kayaking on Loch Leven near Glencoe, Scotland, 2018

kayaking on Loch Leven near Glencoe, Scotland, 2018

Sunday, June 30, 2019

Tybee Island, Georgia

On our way from Savannah to Charleston, S.C., we detoured east and spent a few hours on Tybee Island. I had heard of Tybee Island before, primarily as a destination wedding hot spot. And true, we did see a few pop-up chapels. The beach area was crowded and smaller than I expected, But it was a Sunday in June, after all. We saw the usual businesses you'd expect to see in a coastal town that thrives on tourism -- sundries and souvenirs, pizza shops, and ice cream parlors.

Image result for ice cream parlor photos

The main attraction for Bob and me was the Tybee Island Light Station and Museum. Originally built in 1773, this site is one of the best preserved Light Stations in the country.

Prior to the installation of electricity in 1933, the light required three light keepers to maintain the flame. The museum is comprised of the light house grounds and the well-restored buildings -- the Head Keeper's Cottage and two Assistant Keepers' cottages, and a summer kitchen. The gift shop is housed in what was once a three-car garage. Besides the light itself, my favorite building was the Head Keeper's Cottage. The Keeper and his entire family lived on the grounds. For a "cottage" it was quite spacious and comfortable. It was easy to imagine a family living there in the shadow of the lighthouse.

Bob and I climbed the 178 steps to the top.

The view was worth it.

Of course, we couldn't go to Tybee Island without a stroll along the beach. We found a fun swing overlooking the ocean.

Next stop, Charleston, South Carolina.

Sunday, June 23, 2019

Savannah -- Historic Meets Haute

Bob and I went on a vacation earlier this month. We jam-packed a three city tour into one week. A bit of a whirlwind, and not the least bit relaxing, but we saw and did a lot, waked miles and miles, and had a lot of fun. We flew from Houston into Atlanta, rented a car, and drove to Savannah, GA.; Charleston, SC, (after an afternoon on Tybee Island); Asheville, NC; then back to Atlanta, making a giant circle. We had never been to any of these cities prior, so it was a much-anticipated adventure. All three of these cities were completely different, and we loved each one.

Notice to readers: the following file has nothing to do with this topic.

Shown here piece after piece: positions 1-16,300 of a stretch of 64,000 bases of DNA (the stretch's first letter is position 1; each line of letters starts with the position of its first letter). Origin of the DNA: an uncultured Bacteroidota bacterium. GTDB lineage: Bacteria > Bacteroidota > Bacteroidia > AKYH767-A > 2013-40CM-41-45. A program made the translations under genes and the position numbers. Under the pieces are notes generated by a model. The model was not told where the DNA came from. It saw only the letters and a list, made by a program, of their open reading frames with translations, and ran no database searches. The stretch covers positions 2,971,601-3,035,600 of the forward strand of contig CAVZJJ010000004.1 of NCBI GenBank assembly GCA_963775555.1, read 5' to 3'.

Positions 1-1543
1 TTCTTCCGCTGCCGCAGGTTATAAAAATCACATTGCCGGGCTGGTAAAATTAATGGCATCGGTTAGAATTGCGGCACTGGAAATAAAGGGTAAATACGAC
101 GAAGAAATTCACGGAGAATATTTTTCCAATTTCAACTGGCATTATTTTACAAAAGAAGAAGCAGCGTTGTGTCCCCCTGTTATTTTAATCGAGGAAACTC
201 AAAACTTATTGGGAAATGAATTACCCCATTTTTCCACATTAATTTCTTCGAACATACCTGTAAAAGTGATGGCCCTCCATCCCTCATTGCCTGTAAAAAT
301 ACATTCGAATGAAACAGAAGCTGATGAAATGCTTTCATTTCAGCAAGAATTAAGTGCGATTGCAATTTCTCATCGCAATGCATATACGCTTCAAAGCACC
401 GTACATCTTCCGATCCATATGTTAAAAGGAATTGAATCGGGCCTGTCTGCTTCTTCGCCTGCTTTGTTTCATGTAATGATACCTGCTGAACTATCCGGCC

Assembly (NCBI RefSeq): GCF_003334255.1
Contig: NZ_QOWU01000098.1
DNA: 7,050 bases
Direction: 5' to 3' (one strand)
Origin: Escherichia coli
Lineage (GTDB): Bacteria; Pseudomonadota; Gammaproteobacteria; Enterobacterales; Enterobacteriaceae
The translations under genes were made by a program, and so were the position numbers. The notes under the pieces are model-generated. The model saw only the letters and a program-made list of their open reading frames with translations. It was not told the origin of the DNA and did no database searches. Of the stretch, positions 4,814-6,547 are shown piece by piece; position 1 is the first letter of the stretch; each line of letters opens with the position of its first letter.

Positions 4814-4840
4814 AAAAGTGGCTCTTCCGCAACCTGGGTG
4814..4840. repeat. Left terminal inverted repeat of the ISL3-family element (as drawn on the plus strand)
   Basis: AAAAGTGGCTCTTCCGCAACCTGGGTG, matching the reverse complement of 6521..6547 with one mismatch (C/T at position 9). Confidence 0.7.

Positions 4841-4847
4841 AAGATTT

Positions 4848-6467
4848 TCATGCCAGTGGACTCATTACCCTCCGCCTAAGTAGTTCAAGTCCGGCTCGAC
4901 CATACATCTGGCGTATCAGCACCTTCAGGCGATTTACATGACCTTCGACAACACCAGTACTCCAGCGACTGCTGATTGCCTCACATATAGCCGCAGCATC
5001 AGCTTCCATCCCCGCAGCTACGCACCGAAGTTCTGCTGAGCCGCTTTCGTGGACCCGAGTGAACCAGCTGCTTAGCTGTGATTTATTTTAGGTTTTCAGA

Savannah exudes southern charm and hospitality. We checked into the Savannah B&B, a delightful inn on a quiet street in the Historic District, got the grand tour of the inn, and settled into a cozy, comfortable room all the way at the top of two long circa 1853 staircases.

Savannah B&B Inn

It was late in the afternoon when we arrived in Savannah, and we were eager to explore. First stop, Forsyth Park, right around the corner from the inn. Oak trees and spanish moss, shade from the heat, park benches for resting and enjoying the natural beauty . . . it was prettier than we could have imagined.

This fountain is the focal point of Forsyth Park and an icon of Savannah culture.

Savannah has a free bus system that took us to the waterfront. We strolled River Street, perused the craft vendors, marveled at the centuries-old, onyx-colored cobblestones, and found fantastic gelato at River Street Sweets.

Savannah B&B says good morning to guests with a fabulous breakfast buffet. We dined on the patio overlooking lovely courtyards, then returned to Forsyth Park because we'd read about a Saturday morning farmers' market there. We found a surprisingly wide variety of vendors. Loved it! Unfortunately, because we were traveling, we couldn't buy much. I DID buy a glass of fresh-pressed watermelon juice!

Bags and bags of Georgia peaches

One of our favorite things about Savannah was the 22 squares of green space dotting the neighborhoods at every other turn. Parks add so much to the quality of life in a city.

It was hard to know what to do and see when we only had two days in this delightful city. We toured the Owen-Thomas House, and the awe-inspiring Cathedral of St. John the Baptist.

We went to City Market, where I ate grilled grouper and drank peach sangria. We explored the shops along Bull St., sampled chocolates at tony Chocolat by Adan Turoni. A highlight of the day was a carriage ride through the town -- history, humor, and horses.

For dinner that night, we ate at Crystal Beer Parlor, recommended by our front desk hostess. She was spot on. It's a neighborhood joint but the line was out the door. We were seated sooner rather than later by opting to sit at the bar, where we chatted with the barmaid and watched a Tom Cruise movie on the TV over the bar. The beer selection was good and the food even better, but the standout was a freshly-baked soft pretzel the size of a platter.

Sunday morning, we had only a few hours to sight see before moving on. So we zigzagged through the Victorian District and toured the Sorrel Weed House. It is supposedly haunted, but I didn't see or sense any spirits.

In my title, I referred to Savannah as haute because that was the vibe I got. It was fun and a bit frivolous, but folks seemed to dress up a bit more than in other tourist towns. I saw so many women walking around in high heels. I, of course, wore my tennis shoes.

Next stop, Tybee Island, on the way to Charleston.